Ghandi, the great leader of Indian independence, froze during his debut case as a young lawyer in Bombay, as he rose to cross-examine a witness for the first time.
‘I stood up, but my heart sank into my boots. My head was reeling and I felt as though the whole court was doing likewise. I could think of no question to ask.” he wrote1.
Having handed on the case to a colleague, he hastened from the courtroom in humiliation.
When I first read this, I was surprised that such an eloquent leader, whose words had persuaded and mobilised millions of people, often suffered from stage fright, or as Ghandi called it “the awful strain of public speaking”.
t made me wonder, what happens to us -in our bodies and minds – when we become nervous? This seems to be it:
Once your brain receives messages that you are in danger, Adrenaline is pumped into your bloodstream. Noradrenaline activates the ‘fight or flight’ response in your brain, and Adrenaline does the same in your body. It increases heart rate, dilates your pupils, breaks down lipids into fat and suppresses other non-emergency processes like digestion…all to prepare and help you survive the perceived danger.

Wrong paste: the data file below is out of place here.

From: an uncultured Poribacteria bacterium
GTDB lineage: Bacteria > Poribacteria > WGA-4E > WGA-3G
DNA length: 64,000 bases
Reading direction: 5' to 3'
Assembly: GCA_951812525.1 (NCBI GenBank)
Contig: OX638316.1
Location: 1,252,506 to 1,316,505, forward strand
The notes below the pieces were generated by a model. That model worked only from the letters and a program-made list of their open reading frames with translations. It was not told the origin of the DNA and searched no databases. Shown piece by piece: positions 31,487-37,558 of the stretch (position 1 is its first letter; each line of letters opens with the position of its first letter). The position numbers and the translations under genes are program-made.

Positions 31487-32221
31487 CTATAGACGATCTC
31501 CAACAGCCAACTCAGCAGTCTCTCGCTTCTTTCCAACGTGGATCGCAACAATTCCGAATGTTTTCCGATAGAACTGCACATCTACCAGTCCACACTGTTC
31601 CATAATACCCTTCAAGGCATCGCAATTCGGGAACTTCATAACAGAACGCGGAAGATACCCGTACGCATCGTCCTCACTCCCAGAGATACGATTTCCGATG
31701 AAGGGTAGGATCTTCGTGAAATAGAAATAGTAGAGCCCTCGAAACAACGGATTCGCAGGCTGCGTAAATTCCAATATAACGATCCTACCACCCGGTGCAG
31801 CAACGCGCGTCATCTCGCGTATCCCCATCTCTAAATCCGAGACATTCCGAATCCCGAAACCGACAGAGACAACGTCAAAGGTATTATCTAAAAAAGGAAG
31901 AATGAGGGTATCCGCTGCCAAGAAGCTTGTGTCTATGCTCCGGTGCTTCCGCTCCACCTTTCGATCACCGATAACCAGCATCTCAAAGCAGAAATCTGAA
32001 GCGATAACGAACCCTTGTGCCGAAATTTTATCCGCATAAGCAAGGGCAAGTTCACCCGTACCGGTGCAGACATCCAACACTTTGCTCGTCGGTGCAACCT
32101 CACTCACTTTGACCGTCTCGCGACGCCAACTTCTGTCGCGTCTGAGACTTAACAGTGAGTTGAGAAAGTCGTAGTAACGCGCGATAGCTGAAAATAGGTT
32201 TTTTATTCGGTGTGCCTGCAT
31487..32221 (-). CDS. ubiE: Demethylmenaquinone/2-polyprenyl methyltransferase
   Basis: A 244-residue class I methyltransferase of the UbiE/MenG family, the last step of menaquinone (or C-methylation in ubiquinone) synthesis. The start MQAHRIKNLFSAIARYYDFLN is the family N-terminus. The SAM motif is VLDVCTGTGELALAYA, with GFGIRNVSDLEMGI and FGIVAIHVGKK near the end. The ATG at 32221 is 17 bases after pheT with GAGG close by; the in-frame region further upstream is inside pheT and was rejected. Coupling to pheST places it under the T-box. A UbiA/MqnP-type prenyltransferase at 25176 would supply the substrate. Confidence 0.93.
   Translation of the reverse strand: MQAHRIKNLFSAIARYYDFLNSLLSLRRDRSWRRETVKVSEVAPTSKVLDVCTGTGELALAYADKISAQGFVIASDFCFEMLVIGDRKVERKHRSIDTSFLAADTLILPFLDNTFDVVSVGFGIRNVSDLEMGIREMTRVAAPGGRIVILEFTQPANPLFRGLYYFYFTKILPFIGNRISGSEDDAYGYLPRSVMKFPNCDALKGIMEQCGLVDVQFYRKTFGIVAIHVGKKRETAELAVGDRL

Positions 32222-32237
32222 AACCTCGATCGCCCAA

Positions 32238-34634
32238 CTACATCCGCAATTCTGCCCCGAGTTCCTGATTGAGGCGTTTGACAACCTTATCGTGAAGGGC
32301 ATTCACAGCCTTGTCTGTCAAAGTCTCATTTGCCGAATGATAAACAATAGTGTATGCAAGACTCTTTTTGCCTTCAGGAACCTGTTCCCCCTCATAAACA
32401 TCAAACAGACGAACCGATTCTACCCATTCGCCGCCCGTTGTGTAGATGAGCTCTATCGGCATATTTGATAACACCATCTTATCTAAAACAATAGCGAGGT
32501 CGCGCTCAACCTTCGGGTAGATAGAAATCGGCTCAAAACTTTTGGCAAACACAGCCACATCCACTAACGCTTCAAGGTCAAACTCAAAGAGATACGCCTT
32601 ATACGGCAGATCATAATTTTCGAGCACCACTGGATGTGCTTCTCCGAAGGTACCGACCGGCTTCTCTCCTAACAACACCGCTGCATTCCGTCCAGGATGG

An angry bear produces fight/flight
‘’But why do I do that when it’s just a simple speech!’’ I hear you scream. Well, evolutionary biologists tell us that your brain’s limbic system, the body’s way of responding to very primitive threats, developed long before the cerebrum or neocortex. Although the threats have changed from our hunter/gatherer past, the limbic system is still very useful for many of today’s threats.